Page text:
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Environmental consciousness is not a fad. Many people want to take a more natural approach to everything…including their landscapes.
Not long ago, if you were a property owner who wanted to ‘go green,’ you did so with difficulty. Landscape companies that offered these kinds of services were few and far between. But now they’re much easier to find.
Now, new companies are springing up to serve this burgeoning market. They are small entrepreneurial companies, but they’re growing in size and profits. Perhaps it’s time for you to think about adding some green services to your company’s menu.
It should be easy for you to enter this arena; you already know the drill. You know how to plant nursery stock and install sod, how to fertilize and apply weed, disease, and insect controls. What you need to do is find materials to do the job without using chemicals. And that’s getting easier by the day.
There was a time when alternative products were difficult—if not impossible—to find. Your choices of organic fertilizers were manure, compost, or a combination of the two. But to get enough nitrogen into the soil, you needed lots and lots of manure and compost, and that caused problems. Put down too much, and the water has difficulty penetrating, and the plants don’t get enough nutrients. However, these days, there’s an abundance of organic and synthetic fertilizers that work very well.
Tremendous strides have also been made in natural insect control. Many more products are now available, and not just with ladybugs for biological and bacteria control (although they still work). And more organic products are coming out every day to control those other annoying garden pests: weeds.
When Scott Walker opened Pleasant Green Grass in Durham, North Carolina, six years ago, he had the organic landscape market to himself.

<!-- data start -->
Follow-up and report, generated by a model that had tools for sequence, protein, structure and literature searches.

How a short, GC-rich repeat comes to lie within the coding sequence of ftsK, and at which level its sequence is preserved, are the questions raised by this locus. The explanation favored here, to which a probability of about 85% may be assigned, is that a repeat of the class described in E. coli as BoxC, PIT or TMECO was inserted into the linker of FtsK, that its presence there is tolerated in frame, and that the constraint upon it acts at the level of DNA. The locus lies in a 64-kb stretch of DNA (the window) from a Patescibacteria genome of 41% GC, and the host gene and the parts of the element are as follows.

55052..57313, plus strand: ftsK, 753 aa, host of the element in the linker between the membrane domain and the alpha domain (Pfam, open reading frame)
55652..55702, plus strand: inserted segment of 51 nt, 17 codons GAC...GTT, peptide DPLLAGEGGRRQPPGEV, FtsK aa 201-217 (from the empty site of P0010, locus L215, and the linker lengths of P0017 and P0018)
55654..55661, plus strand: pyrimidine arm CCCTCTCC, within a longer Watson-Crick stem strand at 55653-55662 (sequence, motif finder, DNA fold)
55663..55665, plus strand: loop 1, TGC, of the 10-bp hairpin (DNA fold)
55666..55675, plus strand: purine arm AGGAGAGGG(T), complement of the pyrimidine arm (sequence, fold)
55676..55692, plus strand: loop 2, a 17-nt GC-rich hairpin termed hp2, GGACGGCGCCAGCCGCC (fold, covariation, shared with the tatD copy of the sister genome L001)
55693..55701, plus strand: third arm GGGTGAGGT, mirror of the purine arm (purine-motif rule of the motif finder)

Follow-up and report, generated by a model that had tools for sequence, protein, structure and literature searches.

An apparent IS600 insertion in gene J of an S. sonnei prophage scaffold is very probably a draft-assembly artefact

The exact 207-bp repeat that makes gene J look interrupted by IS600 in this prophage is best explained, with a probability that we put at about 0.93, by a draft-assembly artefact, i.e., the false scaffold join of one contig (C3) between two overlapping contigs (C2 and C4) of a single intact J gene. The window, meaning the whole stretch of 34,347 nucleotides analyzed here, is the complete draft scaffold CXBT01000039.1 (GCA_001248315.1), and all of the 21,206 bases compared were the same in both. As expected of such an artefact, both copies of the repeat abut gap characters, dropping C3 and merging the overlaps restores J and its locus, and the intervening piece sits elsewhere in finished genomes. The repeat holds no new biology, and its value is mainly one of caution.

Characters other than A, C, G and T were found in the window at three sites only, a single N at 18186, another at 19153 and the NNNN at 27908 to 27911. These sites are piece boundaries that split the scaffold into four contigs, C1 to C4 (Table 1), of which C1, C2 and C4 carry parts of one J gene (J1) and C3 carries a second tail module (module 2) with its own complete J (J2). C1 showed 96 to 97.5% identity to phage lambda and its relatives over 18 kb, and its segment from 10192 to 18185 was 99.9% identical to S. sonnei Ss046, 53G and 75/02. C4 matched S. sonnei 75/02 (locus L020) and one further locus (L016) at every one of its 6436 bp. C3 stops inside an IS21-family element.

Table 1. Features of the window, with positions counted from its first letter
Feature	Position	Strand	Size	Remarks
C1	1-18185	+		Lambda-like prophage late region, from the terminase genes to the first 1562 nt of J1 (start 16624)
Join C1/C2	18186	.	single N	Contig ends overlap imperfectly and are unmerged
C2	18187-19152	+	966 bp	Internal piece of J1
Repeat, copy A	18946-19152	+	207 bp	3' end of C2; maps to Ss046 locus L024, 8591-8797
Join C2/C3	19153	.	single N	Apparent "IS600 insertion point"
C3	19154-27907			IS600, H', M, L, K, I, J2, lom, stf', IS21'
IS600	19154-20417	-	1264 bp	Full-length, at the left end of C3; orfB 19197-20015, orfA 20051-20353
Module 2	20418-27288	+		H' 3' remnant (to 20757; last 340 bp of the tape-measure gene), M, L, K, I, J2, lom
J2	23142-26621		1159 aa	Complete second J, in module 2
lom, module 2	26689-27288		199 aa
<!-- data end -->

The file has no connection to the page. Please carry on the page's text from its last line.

The organic approach has been slower to penetrate east of the Rockies, but Walker found that the Raleigh/Durham/Chapel Hill area was hungry for it.
“My clients are people who are eating healthy and have an organic lifestyle. Or, they’re people who’ve never used professional lawn care, because they wanted to stay away from chemicals but didn’t know there was another option,” said Walker. Durham is in the “Research Triangle,” where a lot of highly educated people work and live. A green landscape company was a natural fit. Not surprisingly, his company has been successful.
Walker never set out to be a landscape contractor. After getting his degree in parks, recreation and tourism from North Carolina State University in Raleigh, he went to Boulder, Colorado. “I went out there on a snowboarding trip a couple of years earlier and fell in love with it,” Walker said.
He got a job with Organo-Lawn in Boulder “just to pay the bills,” and found out he loved the work, being outdoors and working with customers. Walker began thinking, “I could do this,” and started researching his hometown area of Durham. “I discovered that there weren’t any organic landscape companies in that area,” he said.
He stayed with Organo-Lawn for four years, learning all he could about the business. When he moved back home to Durham, he intended to open a company that would be like Organo-Lawn, a part-organic, part-chemical hybrid. But the things Walker learned while studying for his pesticide license tipped him over to going all-green. He made the decision to stick to organics, “even though it was harder. Occasionally, we will use a synthetic product, but we’ll try every other avenue first.”
Walker says he’s “always been an environmentalist. I grew up in the woods, with Eno River State Park in my backyard. I’ve always had a respect for nature,” he says. He also had a grandfather who was an avid gardener. “I guess you could say gardening was in my blood.”
By contrast, Cassy Rosen “didn’t know anything about gardening,” when she was growing up, So how does a city girl who grew up in a Santa Monica, California condominium end up with a successful eco-green sustainable landscape business?
Perhaps it was her love for nature, animals, and later, her future husband Kirk Aoyagi, whom she met at Cal Poly, San Luis Obispo, California. The Aoyagis can’t quite remember who followed whom into majoring in environmental horticulture with an emphasis in design and build. All Cassy remembers is that she didn’t notice Kirk “until he drove by in an old muscle car.”
Another influence was David Fross. He’s a California “native plant guru,” owner of Native Sons Nursery in Arroyo Grande, California. She took a class from him, then went to work in his personal garden and became “hooked” on native plants.